Why Cybersecurity Matters for Corporations
Mon, 29 Oct 2018 || By Ahmad Najmi Ramadhani

      The narration that the digital revolution will bring a lot of extraordinary solution to our daily problem is a common story nowadays. The increasing interconnectedness is predicted to boost efficiency in every aspect of life. In Indonesia, there is a huge leap in the number of total connected devices nationwide. Each year, the number of users of gadgets and other digital-related-technology is increasing. A recent report from Cisco estimated that the number of connected devices in Indonesia would grow up to 594.0 million in 2021, a significant increase from 423.0 million in 2016.[i] While this increase may show a more connected nation, increasing the flow of communication and spread of information, this technological leap also comes with its shortcomings, that is the threat of cybersecurity. This article will be discussing cybersecurity and the threat against the users of technology, more significantly, corporations.  

      Corporations and institutions that use the internet of things as their operational backbone are susceptible to cyberattacks. Even though the attacks happened online, it will hugely affect our life like what happened in England in 2017 with the WannaCry attack. WannaCry is one of many cyberattacks that targets company and government as a target. The WannaCry flare-up – one of the phenomenal cyberattacks that ever happened-- had closed down PCs in excess of 80 National Health Service associations in England, bringing about 20,000 dropped arrangements, 600 GP medical procedures coming back to pen and paper, and five clinics basically occupying ambulances, unfit to deal with any more crisis cases.[ii] Based on this event, it is seen that cyberattacks happened because the current technology enables the ransomware like WannaCry to attack and spread its negative impact through the enormous number of connected devices.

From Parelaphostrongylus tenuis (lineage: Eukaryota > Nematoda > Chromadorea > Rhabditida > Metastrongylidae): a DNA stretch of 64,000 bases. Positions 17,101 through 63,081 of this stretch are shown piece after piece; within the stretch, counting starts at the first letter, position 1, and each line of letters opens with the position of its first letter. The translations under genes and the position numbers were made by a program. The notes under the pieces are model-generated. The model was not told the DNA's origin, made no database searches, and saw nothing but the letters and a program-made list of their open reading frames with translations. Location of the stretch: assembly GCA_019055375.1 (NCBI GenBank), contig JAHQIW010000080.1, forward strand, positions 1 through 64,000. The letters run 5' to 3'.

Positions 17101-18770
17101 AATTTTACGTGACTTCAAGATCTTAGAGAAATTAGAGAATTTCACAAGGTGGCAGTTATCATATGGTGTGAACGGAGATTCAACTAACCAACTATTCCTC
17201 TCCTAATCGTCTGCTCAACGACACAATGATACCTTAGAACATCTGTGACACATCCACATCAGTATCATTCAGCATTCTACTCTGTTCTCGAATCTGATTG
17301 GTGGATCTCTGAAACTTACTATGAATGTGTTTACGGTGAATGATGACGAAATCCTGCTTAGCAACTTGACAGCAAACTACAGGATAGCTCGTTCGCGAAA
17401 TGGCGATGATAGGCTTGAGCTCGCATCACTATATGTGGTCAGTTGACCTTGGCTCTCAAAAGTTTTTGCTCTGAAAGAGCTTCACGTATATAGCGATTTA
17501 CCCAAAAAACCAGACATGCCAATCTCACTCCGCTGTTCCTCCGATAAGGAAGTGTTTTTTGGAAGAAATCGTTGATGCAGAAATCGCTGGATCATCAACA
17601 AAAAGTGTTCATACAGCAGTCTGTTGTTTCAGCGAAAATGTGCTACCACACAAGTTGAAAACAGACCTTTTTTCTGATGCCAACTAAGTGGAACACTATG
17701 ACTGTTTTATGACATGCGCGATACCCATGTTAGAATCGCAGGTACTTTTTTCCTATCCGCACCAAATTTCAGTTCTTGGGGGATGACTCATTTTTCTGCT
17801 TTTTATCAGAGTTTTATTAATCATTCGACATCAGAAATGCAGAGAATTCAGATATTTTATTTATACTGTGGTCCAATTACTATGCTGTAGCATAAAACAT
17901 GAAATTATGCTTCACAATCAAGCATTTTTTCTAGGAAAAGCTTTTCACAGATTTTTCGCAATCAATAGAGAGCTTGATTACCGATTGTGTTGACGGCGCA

The cost of a cyber breach is very high. According to NetDiligence, the average cost of a cyber breach was $349,000 in 2017, while for the big company, the average cost was a lot higher, numbered at $5.9 million.[iii] The number shows that cybersecurity is a fundamental issue for every user, but also more importantly, for corporations that might suffer a bigger loss than a regular user. 

Why Cybersecurity Matters

        According to a McKinsey report entitled Meeting the cybersecurity challenge, there are four common trends that will push corporations to start thinking more about cybersecurity. Firstly, value continues to migrate online, and digital data have become more pervasive. More online exchanges make greater motivators for cybercriminals. Secondly, while smartphones and tablets increase our connectivity, they additionally present new sorts of security dangers: when hackers breach a gadget, it makes an easy point of entry for malware to corporate systems.

      Thirdly, supply chains are progressively becoming more interconnected. It implies that an organization's barrier against assaults lays to a limited extent on the security arrangements of partners and customers. Fourthly, malicious actors like professional cybercrime organizations, political “hacktivist,” and state-sponsored groups are becoming more sophisticated in doing their act.[iv]